[LINK] MacCentral: 'RIAA sued under racketeering laws'
Roger.Clarke at xamax.com.au
Sat Feb 21 12:11:12 EST 2004
RIAA sued under racketeering laws
By Stacy Cowley, IDG News Service
February 20, 2004 8:45 am ET
Online chat rooms and bulletin boards populated by file-swapping fans
are filled with postings comparing the Recording Industry Association
of America (RIAA) to a Mafia-like syndicate. Now, one target of the
group's lawsuits against alleged music pirates is asking the judicial
system to back that assessment.
A New Jersey woman has filed a lawsuit against the RIAA under
anti-racketeering statutes, charging the group with using scare
tactics to extort money from the individuals it sues.
Michele Scimeca is one of more than 1,000 alleged online
file-swappers sued by the RIAA since the middle of last year. The
group filed another batch of 531 lawsuits on Wednesday. The RIAA has
settled a number of those lawsuits -- and therein lies the problem,
according to the complaint Scimeca filed in the U.S. District Court
for New Jersey.
"Instead of merely providing service of the complaint upon the
various defendants, including Ms. Scimeca, the Plaintiffs have opted
to include a letter discussing and prompting settlement of the
copyright infringement action," the complaint states. "This scare
tactic has caused a vast amount of settlements from individuals who
feared fighting such a large institution and feel victim to these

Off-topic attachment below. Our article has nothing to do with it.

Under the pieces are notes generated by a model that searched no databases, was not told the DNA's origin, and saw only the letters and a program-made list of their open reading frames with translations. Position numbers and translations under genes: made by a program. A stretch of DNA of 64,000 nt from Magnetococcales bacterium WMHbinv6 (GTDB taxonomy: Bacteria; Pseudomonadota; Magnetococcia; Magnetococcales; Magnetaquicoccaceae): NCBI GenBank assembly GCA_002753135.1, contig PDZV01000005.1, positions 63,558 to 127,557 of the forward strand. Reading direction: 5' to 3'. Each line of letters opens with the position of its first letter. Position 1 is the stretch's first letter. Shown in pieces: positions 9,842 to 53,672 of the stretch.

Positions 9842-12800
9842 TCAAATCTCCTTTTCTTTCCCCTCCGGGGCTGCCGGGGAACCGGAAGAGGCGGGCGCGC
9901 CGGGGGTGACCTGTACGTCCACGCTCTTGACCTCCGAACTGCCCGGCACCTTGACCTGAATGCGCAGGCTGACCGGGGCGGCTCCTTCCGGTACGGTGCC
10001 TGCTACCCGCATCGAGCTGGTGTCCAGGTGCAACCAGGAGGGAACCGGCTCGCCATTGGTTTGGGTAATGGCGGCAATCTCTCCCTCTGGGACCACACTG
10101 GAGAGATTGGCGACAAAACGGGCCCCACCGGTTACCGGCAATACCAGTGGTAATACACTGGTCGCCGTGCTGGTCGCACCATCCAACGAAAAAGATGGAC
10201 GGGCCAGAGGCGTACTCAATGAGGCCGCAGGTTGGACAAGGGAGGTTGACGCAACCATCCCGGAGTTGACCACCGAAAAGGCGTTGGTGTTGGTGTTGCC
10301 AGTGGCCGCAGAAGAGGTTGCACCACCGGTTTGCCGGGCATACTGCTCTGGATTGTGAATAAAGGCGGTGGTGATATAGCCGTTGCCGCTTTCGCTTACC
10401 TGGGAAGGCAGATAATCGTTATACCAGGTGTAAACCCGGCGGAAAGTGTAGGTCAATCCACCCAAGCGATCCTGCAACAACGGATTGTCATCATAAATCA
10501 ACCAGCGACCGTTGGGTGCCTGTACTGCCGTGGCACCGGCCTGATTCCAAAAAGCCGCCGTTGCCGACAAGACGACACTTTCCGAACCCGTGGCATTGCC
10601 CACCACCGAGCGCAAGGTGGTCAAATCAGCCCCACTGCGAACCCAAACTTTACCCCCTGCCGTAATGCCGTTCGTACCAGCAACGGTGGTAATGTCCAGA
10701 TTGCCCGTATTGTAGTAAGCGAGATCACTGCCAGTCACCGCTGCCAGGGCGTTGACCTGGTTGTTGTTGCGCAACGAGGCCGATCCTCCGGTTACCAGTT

actions and felt forced to provide funds to settle these actions
instead of fighting the institution."
The complaint argues that the main intent of the RIAA's lawsuit
campaign is to extract financial settlements from those sued, and
charges the group with violating Racketeer Influenced and Corrupt
Organizations (RICO) laws.
Scimeca's lawyer, Bart Lombardo, said his client will also be
challenging the legality of suing individuals for online file sharing
through peer-to-peer networks like Kazaa.
"This counterclaim that we're filing is about the tactics used to
enforce," he said. "Of course, we'll also be arguing the legality of
the downloading, but that's a separate matter."
An RIAA representative did not return a call seeking comment. At an
unrelated press conference Thursday, RIAA Director of Anti-Piracy
Brad Buckles said he had not yet seen a copy of the lawsuit and
declined comment. He defended the organization's campaign of lawsuits
against individual file-swappers.
"We think the lawsuits are being very successful," he said. "I think
we've seen some great strides out of that. People are beginning to
realize that what at first blush might seem like innocent activity,
moving files around on the Internet, is in fact theft of property
from artists and companies."
Roger Clarke http://www.anu.edu.au/people/Roger.Clarke/
Xamax Consultancy Pty Ltd, 78 Sidaway St, Chapman ACT 2611 AUSTRALIA
Tel: +61 2 6288 1472, and 6288 6916
mailto:Roger.Clarke at xamax.com.au http://www.xamax.com.au/
Visiting Professor in the eCommerce Program, University of Hong Kong
Visiting Professor in the Baker Cyberspace Law & Policy Centre, U.N.S.W
Visiting Fellow in Computer Science, Australian National University
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